Questions remain after gavel strikes
The jury foreperson in the Rudolph Edwards trial said that a majority of the jurors believed Edwards had committed a sexual assault, but did not convict him because they did not believe he was guilty beyond a reasonable doubt.
Catrina Miiller was the jury foreperson in the Edwards trial, which concluded Friday when the jury returned a verdict of not guilty to a charge of sexual assault in the third degree. The jury asked Judge Joel Yates if it could make a formal statement about its verdict in court, and Yates wrote back to the jury saying that it could not, but that the jurors were free to talk about the case afterward.
Miiller said that some of the jurors wanted to make a formal statement declaring their belief that Edwards was guilty but not beyond a reasonable doubt. She said some jurors were uncomfortable giving the impression that they found Edwards innocent.
She said she lost sleep during the trial and that it has been difficult for her and the other jurors to stop thinking about the case.
“We still believe we voted the way we were required to based on the evidence, but we’re struggling with the thought that a sexual assault occurred,” she said.
Miiller said the jury was initially split fairly evenly between jurors who thought Edwards was guilty and those who thought he was not guilty. By the end of the jury’s deliberations Friday afternoon, she said a majority of the jurors thought Edwards had committed a sexual assault but there was enough doubt in their minds that they could not convict him.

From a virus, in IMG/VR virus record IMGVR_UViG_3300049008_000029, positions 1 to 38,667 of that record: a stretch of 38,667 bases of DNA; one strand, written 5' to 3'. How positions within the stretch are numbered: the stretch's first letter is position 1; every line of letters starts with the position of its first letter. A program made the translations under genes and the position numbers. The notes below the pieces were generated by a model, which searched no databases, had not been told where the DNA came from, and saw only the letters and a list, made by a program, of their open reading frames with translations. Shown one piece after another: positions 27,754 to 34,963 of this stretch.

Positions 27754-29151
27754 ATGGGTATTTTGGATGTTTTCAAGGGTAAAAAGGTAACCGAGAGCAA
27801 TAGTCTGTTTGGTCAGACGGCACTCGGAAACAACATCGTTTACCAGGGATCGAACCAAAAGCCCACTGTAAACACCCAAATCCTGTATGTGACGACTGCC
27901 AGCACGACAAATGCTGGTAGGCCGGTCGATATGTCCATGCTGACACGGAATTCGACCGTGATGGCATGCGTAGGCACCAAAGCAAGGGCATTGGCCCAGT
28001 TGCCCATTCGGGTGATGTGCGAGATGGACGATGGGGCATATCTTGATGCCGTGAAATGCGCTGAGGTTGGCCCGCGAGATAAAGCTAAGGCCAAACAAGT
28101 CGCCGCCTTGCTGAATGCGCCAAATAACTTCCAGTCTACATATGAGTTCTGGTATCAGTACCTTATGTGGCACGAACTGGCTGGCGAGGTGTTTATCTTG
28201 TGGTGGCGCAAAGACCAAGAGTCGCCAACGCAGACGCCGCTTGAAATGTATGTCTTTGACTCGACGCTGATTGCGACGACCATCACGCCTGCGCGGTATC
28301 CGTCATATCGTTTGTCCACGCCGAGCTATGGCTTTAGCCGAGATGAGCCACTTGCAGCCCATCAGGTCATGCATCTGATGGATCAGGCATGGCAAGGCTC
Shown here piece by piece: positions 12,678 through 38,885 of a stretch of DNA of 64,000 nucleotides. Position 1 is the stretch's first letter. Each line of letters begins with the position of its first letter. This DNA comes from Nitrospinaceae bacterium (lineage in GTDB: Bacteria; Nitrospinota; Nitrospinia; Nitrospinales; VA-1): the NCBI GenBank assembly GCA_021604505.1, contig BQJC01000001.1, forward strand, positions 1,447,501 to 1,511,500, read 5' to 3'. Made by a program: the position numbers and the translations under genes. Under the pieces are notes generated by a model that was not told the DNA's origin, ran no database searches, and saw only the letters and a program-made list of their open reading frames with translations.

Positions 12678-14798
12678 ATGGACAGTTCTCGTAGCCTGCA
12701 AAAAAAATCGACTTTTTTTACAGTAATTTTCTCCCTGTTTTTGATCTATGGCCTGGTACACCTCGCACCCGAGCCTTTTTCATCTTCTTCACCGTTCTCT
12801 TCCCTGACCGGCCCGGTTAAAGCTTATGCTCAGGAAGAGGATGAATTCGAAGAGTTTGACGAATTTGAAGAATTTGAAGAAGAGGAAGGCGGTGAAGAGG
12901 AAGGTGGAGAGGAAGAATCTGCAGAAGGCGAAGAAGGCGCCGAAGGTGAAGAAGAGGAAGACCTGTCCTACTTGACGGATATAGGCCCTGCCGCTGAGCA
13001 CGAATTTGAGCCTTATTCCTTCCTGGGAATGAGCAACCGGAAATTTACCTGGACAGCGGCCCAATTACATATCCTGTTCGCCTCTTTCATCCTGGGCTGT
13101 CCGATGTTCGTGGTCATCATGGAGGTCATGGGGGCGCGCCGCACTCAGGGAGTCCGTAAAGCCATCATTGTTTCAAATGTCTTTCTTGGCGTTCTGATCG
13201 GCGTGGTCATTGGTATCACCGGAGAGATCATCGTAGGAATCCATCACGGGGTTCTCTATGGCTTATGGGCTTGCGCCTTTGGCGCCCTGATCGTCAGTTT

One of the issues that puzzled the jury was the lack of DNA evidence presented at the trial. The jury had access to a doctor’s report from Dr. Cheng Huang, who examined Medrano on July 17, 2011. The alleged sexual assault occurred the evening of July 16, 2011.
Miiller said the doctor’s report did not contain much information and it did not say anything about the presence of Edwards’s DNA on Medrano. She said that because the report lacked any information about DNA, some of the jurors disregarded it.
On Tuesday, Jan. 15, the day the trial began, the prosecution and defense agreed to a stipulation that they would not mention any DNA testing. The stipulation stated that the prosecution did not intend to introduce DNA evidence and that witnesses should be advised not to mention DNA testing.
According to court documents, Washington County Investigator Chad Ellis sent a sexual assault kit to the Department of Criminal Investigation (DCI) lab. Washington County Attorney Larry Brock said the sexual assault kit contained the underwear Medrano wore to the Washington County Hospital when he was examined July 17, 2011. The sexual assault kit found Edwards’s DNA.
Ellis received the results of the sexual assault kit on Oct. 13, 2011. That same day, he attempted to obtain a buccal swab (taken from inside the cheek) from Edwards for DNA analysis to send to the DCI lab. Edwards declined his request.
On Oct. 14, 2011, Brock filed an application for buccal swab testing on Edwards, but on Nov. 10, 2011, he withdrew that application.